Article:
With regards to Dayton’s ill fated helicopter experiment… I think they were running a Robinson R-22 helicopter which is not a “hobbyist” aircraft.  It is a certified helicopter that is in commercial service in all sorts of industries.  But, as expensive as fixed wing aircraft are to operate, a helicopter is even more expensive.  The last time I checked (which was a long time ago) an R-22 was over $200 an hour to rent. Add a pilot and a spotter to that and you’re talking about making a serious dent in the city’s budget!

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David Esrati January 30, 2013 at 12:29 pm

@Bubba- I knew I could count on you to bring some detail to this. I guess the “Mode C Veil” is why the old Cox/WHIO TV tower on Wilmington doesn’t have to have strobes on it as they get ready to take it down?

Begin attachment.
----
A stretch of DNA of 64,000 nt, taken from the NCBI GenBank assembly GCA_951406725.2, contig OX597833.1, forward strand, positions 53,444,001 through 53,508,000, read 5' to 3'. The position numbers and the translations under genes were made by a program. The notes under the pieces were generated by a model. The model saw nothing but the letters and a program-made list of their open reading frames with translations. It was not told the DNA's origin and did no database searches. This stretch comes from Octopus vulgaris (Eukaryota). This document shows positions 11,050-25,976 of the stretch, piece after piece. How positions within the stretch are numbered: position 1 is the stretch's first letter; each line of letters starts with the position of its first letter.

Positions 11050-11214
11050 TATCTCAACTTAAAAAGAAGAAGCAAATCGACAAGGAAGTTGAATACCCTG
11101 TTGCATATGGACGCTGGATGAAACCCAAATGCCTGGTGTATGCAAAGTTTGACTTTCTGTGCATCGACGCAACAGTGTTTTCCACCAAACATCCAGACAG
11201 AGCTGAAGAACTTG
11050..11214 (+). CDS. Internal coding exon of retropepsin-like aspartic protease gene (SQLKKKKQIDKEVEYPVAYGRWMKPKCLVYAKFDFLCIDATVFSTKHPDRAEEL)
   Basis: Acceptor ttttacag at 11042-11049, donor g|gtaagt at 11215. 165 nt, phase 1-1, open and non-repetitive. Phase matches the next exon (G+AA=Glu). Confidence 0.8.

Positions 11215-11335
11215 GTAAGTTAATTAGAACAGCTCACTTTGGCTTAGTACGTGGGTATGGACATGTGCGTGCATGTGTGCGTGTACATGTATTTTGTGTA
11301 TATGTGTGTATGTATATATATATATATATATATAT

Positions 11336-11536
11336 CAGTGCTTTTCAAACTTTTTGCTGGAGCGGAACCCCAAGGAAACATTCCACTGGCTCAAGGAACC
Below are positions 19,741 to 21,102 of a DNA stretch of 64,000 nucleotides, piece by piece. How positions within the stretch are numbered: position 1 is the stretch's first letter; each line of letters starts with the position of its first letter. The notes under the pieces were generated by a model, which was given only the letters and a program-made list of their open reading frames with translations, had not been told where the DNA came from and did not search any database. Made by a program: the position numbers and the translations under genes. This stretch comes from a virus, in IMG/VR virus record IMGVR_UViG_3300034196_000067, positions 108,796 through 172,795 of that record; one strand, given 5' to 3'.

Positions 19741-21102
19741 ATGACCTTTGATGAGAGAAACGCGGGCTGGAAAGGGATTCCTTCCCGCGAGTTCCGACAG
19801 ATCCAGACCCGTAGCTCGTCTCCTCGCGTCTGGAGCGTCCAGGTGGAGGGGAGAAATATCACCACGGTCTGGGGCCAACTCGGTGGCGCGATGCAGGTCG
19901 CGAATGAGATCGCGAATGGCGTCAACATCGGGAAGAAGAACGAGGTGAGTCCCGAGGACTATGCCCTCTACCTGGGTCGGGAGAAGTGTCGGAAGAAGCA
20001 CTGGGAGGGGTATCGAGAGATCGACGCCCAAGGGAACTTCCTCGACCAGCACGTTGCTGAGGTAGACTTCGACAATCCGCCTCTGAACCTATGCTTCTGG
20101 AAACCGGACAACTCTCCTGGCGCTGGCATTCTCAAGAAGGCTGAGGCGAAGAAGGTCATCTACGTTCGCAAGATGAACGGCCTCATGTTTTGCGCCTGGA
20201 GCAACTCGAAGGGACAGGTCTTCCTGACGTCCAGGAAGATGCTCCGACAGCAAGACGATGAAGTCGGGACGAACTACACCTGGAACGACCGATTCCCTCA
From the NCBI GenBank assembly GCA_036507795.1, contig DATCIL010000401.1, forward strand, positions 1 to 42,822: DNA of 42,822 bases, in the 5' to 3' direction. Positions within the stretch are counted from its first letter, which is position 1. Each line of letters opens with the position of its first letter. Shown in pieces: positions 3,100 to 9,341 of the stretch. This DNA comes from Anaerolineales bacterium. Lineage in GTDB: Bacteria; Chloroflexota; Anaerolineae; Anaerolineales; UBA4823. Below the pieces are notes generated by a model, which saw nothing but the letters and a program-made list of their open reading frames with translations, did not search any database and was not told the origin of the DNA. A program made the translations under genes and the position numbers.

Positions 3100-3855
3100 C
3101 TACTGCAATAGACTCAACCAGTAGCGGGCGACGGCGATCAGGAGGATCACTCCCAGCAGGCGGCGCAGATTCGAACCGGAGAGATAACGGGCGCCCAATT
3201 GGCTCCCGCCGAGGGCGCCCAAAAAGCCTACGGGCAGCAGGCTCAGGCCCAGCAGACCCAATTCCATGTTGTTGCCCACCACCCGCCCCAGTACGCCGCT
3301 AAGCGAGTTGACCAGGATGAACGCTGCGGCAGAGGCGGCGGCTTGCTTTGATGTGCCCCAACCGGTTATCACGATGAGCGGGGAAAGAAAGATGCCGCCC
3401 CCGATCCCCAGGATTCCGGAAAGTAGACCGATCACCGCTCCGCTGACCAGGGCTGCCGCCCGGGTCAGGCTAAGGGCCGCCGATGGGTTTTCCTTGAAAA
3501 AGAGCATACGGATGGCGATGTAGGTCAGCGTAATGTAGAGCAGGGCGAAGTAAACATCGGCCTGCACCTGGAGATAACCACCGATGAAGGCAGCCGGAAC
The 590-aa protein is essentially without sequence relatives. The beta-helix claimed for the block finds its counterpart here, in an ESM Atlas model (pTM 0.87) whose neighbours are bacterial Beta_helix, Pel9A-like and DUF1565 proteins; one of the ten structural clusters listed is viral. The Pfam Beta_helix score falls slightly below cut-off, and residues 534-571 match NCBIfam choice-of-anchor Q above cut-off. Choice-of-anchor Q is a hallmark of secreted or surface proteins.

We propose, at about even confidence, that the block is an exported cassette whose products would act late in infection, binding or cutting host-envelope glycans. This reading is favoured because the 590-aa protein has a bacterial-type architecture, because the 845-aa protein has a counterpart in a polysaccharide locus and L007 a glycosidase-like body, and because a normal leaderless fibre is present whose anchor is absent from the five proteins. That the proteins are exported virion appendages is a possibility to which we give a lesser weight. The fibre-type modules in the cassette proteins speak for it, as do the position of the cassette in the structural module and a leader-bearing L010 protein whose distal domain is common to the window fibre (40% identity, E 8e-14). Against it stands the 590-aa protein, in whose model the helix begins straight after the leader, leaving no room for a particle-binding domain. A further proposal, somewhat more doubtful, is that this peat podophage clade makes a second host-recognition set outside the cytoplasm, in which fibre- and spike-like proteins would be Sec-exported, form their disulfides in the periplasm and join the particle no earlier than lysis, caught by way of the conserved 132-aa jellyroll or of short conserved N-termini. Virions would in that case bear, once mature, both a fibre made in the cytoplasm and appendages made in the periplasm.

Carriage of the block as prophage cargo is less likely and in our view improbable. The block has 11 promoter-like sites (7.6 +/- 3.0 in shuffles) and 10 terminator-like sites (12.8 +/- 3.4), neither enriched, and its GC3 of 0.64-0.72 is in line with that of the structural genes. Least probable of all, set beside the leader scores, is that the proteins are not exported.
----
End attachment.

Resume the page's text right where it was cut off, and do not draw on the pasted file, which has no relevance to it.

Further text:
The city did have a Robinson R-22.  As to the “hobbyist” choice of words- it is – when compared to the 3 helicopters Columbus has.

There are a whole bunch of other HD video feed systems out there now- including in cruiser systems that let the cops see the security feeds in participating locations. Imagine rolling up on a crime in progress at the local Quickie mart- and already having reviewed the robbery? These kinds of systems can have a real impact.

Sorry to make you have to admit that I’ve made a good point. Spread the word- and donate.

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Bubba Jones January 30, 2013 at 2:55 pm